In October 2004, Prime Minister Ferenc Gyurcsany opened the exposition of the government program by saying: “Zhanav kejekh Ungkriko them si: le romengo thaj gazengho them” – “There is only one Hungary: The common country of both Roma and Hungarians.” It was a historical moment: Gyurcsany was the first politician to address the Hungarian Parliament in Romani. The government program strengthened the new Ministry of Equal Opportunities, and fostered the formation of a Roma political elite, which participates in public administration. As a result of the empowerment process, Roma strategic advisers assist the ministers at the Ministries of Education, Cultural Heritage, Agriculture, and Foreign Affairs. (Some of these results were initiated back in 2002, during the Medgyesy administration, whose strategic advisor was Aladar Horvath, the internationally acknowledged Roma rights advocate.)
In the light of all these developments, one might think that Hungary is a role model in the Central and Easter European region for recognizing the Roma minority that this is a place where Roma empowerment is in progress, where the number of educated Roma is growing, desegregation in education, health and housing has begun. Hungary may in fact have advanced furthest in its “experiment” on the Roma minority, trying to keep up with the external expectations of the EU authorities while doing a juggling act of containing the pressure from its minority communities.
The most stirring case of the past years was that of segregated education in Jaszladany, where “the predominantly non-Romani Gypsy Minority Self-Government […] did not protest the establishment of a local private school created to segregate the local Romani children from the non-Romani children, and the school started operating in the autumn of 2003. By comparison, the previous Gypsy MSG – composed of Roma – fought against the establishment of the private school with all the legal powers available to it, and had effectively blocked (or delayed) the establishment of the school.”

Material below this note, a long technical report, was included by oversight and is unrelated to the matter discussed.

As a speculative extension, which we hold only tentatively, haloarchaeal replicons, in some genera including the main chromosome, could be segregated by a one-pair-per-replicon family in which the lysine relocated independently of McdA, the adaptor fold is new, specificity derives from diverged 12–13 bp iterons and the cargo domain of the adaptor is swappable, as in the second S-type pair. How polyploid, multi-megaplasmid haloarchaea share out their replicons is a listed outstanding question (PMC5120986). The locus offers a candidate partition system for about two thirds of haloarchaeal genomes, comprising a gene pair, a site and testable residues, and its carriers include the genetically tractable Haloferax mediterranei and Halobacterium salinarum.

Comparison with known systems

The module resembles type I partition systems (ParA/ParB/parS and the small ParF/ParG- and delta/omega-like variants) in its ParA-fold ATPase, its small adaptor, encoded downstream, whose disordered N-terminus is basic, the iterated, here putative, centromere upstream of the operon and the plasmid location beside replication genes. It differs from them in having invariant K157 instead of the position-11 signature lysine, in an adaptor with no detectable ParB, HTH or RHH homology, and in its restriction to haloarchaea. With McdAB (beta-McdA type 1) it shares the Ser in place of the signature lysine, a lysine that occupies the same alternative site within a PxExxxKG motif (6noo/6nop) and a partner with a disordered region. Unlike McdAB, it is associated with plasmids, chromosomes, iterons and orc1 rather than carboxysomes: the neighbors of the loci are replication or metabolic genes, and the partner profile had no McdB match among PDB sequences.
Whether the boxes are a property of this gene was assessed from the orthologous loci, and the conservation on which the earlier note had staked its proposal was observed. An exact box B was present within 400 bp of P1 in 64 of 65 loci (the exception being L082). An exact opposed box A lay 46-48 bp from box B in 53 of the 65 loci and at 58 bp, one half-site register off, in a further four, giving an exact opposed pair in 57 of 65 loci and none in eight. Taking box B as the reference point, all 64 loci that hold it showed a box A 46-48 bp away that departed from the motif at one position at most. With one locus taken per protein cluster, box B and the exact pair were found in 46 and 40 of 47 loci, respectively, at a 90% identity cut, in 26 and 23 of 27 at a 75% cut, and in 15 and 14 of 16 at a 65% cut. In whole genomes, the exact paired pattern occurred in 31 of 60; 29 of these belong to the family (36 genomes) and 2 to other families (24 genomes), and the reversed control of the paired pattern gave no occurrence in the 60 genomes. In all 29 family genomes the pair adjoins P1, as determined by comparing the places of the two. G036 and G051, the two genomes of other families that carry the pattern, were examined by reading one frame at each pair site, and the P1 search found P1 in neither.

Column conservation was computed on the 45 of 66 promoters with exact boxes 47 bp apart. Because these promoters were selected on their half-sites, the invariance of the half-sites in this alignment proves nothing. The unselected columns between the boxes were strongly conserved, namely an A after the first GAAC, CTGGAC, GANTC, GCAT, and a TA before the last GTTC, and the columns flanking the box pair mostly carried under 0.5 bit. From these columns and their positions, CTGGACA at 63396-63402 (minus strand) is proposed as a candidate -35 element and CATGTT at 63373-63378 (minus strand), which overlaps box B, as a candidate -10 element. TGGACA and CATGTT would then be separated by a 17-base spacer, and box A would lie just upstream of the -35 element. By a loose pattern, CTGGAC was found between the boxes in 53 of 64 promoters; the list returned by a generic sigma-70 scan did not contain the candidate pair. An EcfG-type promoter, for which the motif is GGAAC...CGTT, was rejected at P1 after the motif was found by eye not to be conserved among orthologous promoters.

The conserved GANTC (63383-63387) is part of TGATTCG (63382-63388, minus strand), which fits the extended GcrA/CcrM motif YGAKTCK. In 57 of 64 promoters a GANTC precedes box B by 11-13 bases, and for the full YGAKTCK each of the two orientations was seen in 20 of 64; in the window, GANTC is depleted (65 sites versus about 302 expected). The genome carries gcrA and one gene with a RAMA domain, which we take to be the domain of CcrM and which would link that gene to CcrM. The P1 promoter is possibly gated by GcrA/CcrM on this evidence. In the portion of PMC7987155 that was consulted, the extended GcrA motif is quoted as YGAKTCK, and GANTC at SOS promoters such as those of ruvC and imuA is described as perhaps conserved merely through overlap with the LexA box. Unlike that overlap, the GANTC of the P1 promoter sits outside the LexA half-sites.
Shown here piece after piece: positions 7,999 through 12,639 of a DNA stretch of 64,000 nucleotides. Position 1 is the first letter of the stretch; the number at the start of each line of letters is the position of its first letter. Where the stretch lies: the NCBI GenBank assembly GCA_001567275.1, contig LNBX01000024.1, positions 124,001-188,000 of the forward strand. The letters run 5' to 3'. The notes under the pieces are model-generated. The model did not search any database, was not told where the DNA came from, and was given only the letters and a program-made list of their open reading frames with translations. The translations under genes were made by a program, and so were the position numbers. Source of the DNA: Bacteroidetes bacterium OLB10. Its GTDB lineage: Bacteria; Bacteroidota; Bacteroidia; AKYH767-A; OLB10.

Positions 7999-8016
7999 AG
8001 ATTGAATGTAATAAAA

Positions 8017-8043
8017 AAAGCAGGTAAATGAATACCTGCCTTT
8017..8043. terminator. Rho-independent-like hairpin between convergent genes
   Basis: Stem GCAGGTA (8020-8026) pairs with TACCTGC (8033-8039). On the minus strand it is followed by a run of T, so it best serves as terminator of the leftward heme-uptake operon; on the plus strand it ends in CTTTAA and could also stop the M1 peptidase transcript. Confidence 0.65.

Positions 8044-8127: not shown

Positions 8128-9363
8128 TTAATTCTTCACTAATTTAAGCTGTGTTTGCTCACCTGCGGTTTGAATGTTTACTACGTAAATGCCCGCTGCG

According to the Year 2000 Report of the Hungarian Institute of Public Education, “strong segregation tendencies were experienced in the education of Roma children, both among schools and within schools. The report found that 29% of Roma children attended schools with a Roma majority. The data also showed that the Roma children only learn in schools whose prestige is the lowest in the given settlement, and which accommodate the poorest children of the neighborhood.” In 2003, increasing segregation in primary schools was confirmed. Although desegregation programs were initiated in 2003 by the Ministry of Education, the rapidly increasing social segregation and the schooling regulations based on place of residence hindered the desegregation process. The most comprehensive legal framework for education policies is provided by Act CXXV of 2003 on the Promotion of Anti-Discrimination, and the amended Act LXI of 2003 on Public Education. Neither of them empowers the Ministry of Education to sanction discriminative educational practice. Since 2005, there is an affirmative action program for the enrollment of disadvantaged candidates at universities, who must be accepted if they score at least 80% of the points necessary for admission. The tuition fee is covered by the state. In the past decades, the most remarkable index of the Roma’s failure in education was the number of dropouts in the early phase, in primary school. Today this figure is negligible; the most significant inequality now emerges at the point of starting secondary education. One important reason why Roma children are at a disadvantage when trying to enter secondary education is that many of them study in special needs primary schools (ones for “the handicapped”), or second rate classes, which offer no chance of going on to secondary education. “The separated education of Roma children is treated by the experts concerned, as if a child coming from a Roma family of multiply disadvantaged situation and showing by the age of 6-7 symptoms characteristic of mentally slightly disabled children needed the same special education as mentally disabled children with organic damages. This is the case because this way of education cannot be supported by any professional or legal argument, what is more, the phenomenon contradicts both the declared integrative aims of the educational system and basic human rights,” concludes Roma education expert Anna Kende.